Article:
Lately I’ve been reading some stories by Lydia Davis. Here are three copied from one site:
MICE LIVE IN OUR WALLS but do not trouble our kitchen. We are pleased but cannot understand why they do not come into our kitchen where we have traps set, as they come into the kitchens of our neighbors. Although we are pleased, we are also upset, because the mice behave as though there were something wrong with our kitchen. What makes this even more puzzling is that our house is much less tidy than the houses of our neighbors. There is more food lying about in our kitchen, more crumbs on the counters and filthy scraps of onion kicked against the base of the cabinets. In fact, there is so much loose food in the kitchen I can only think the mice themselves are defeated by it. In a tidy kitchen, it is a challenge for them to find enough food night after night to survive until spring. They patiently hunt and nibble hour after hour until they are satisfied. In our kitchen, however, they are faced with something so out of proportion to their experience that they cannot deal with it. They might venture out a few steps, but soon the overwhelming sights and smells drive them back into their holes, uncomfortable and embarrassed at not being able to scavenge as they should.
You see how circumstances are to blame. I am not really an odd person if I put more and more small pieces of shredded kleenex in my ears and tie a scarf around my head: when I lived alone I had all the silence I needed.
Nearly every morning, a certain woman in our community comes running out of her house with her face white and her overcoat flapping wildly. She cries out, “Emergency, emergency,” and one of us runs to her and holds her until her fears are calmed. We know she is making it up; nothing has really happened to her. But we understand, because there is hardly one of us who has not been moved at some time to do just what she has done, and every time, it has taken all our strength, and even the strength of our friends and families too, to quiet us.
And here is another one I found online after I first read it in her collection:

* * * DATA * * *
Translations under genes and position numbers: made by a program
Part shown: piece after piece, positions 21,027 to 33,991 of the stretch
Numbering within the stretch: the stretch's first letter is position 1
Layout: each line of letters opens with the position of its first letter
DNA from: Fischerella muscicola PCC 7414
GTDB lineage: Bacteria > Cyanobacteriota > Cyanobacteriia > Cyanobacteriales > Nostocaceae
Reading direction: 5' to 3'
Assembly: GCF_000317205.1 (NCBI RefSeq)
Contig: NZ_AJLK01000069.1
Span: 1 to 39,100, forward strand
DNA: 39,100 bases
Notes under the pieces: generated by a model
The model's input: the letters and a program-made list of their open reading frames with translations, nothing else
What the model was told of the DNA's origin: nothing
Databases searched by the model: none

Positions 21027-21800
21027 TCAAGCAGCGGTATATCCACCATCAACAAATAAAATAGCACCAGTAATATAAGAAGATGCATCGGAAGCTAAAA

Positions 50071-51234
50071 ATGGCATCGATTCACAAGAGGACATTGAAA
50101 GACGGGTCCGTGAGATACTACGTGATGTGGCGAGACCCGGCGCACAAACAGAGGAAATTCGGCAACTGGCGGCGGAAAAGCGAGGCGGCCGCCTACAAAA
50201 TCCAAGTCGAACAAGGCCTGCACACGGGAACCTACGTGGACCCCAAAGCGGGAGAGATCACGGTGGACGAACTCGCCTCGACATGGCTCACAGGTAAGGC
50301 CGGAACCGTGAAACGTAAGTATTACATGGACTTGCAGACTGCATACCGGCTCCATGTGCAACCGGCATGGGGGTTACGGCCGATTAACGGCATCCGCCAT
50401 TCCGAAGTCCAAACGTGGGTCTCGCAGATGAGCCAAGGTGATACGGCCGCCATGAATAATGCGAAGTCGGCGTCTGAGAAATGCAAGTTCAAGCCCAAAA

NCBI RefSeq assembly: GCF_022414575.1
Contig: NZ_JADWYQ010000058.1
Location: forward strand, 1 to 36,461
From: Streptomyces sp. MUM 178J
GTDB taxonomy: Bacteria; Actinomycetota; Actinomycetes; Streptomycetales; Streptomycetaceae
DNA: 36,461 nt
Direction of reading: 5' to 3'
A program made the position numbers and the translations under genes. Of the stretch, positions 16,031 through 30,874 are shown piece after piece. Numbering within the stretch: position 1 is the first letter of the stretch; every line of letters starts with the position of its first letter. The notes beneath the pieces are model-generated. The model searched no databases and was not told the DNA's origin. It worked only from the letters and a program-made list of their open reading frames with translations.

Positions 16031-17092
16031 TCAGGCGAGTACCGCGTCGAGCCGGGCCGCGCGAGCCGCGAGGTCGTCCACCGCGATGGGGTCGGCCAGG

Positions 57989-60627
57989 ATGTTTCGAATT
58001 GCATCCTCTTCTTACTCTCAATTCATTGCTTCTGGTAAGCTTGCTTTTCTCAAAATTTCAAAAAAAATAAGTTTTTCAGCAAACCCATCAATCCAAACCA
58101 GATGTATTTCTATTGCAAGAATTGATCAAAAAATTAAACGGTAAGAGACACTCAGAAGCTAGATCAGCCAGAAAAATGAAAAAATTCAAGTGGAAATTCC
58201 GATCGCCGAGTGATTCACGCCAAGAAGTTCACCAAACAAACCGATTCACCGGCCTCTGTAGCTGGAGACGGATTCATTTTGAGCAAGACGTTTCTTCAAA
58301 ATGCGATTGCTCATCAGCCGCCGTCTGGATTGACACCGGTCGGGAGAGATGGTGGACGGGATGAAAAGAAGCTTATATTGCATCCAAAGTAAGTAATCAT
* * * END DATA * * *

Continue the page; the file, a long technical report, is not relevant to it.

Letter to a Funeral Parlor
I am writing to you to object to the word cremains, which was used by your representative when he met with my mother and me two days after my father’s death.
We had no objection to your representative, personally, who was respectful and friendly and dealt with us in a sensitive way. He did not try to sell us an expensive urn, for instance.
What startled and disturbed us was the word cremains. You in the business must have invented this word and you are used to it. We the public do not hear it very often. We don’t lose a close friend or a family member very many times in our life, and years pass in between, if we are lucky. Even less often do we have to discuss what is to be done with a family member or close friend after their death.
We noticed that before the death of my father you and your representative used the words loved one to refer to him. That was comfortable for us, even if the ways in which we loved him were complicated.
Then we were sitting there in our chairs in the living room trying not to weep in front of your representative, who was opposite us on the sofa, and we were very tired first from sitting up with my father, and then from worrying about whether he was comfortable as he was dying, and then from worrying about where he might be now that he was dead, and your representative referred to him as “the cremains.”
At first we did not even know what he meant. Then, when we realized, we were frankly upset. Cremains sounds like something invented as a milk substitute in coffee, like Cremora, or Coffee-mate. Or it sounds like some kind of a chipped beef dish.
As one who works with words for a living, I must say that any invented word, like Porta Potti or pooper-scooper, has a cheerful or even jovial ring to it that I don’t think you really intended when you invented the word cremains. In fact, my father himself, who was a professor of English and is now being called the cremains, would have pointed out to you the alliteration in Porta Potti and the rhyme in pooper-scooper. Then he would have told you that cremains falls into the same category as brunch and is known as a portmanteau word.
There is nothing wrong with inventing words, especially in a business. But a grieving family is not prepared for this one. We are not even used to our loved one being gone. You could very well continue to employ the term ashes. We are used to it from the Bible, and are even comforted by it. We would not misunderstand. We would know that these ashes are not like the ashes in a fireplace.
I like these stories — well, let’s say, I find these stories interesting, and I like the expanded sense of what fiction can be that I feel when I read these. I like that there aren’t the familiar old plots, characters, etc., of the typical realist short story. I have thought that maybe the narrator-characters themselves are the story, in some sense. And yet, I don’t know if I actually like the stories themselves. Maybe that doesn’t even matter. But I think her stories are worth reading, even if they aren’t satisfying reads, per se.
UPDATE: Here’s a 2014 New Yorker profile of Lydia Davis (partially blocked except for NYker subscribers).
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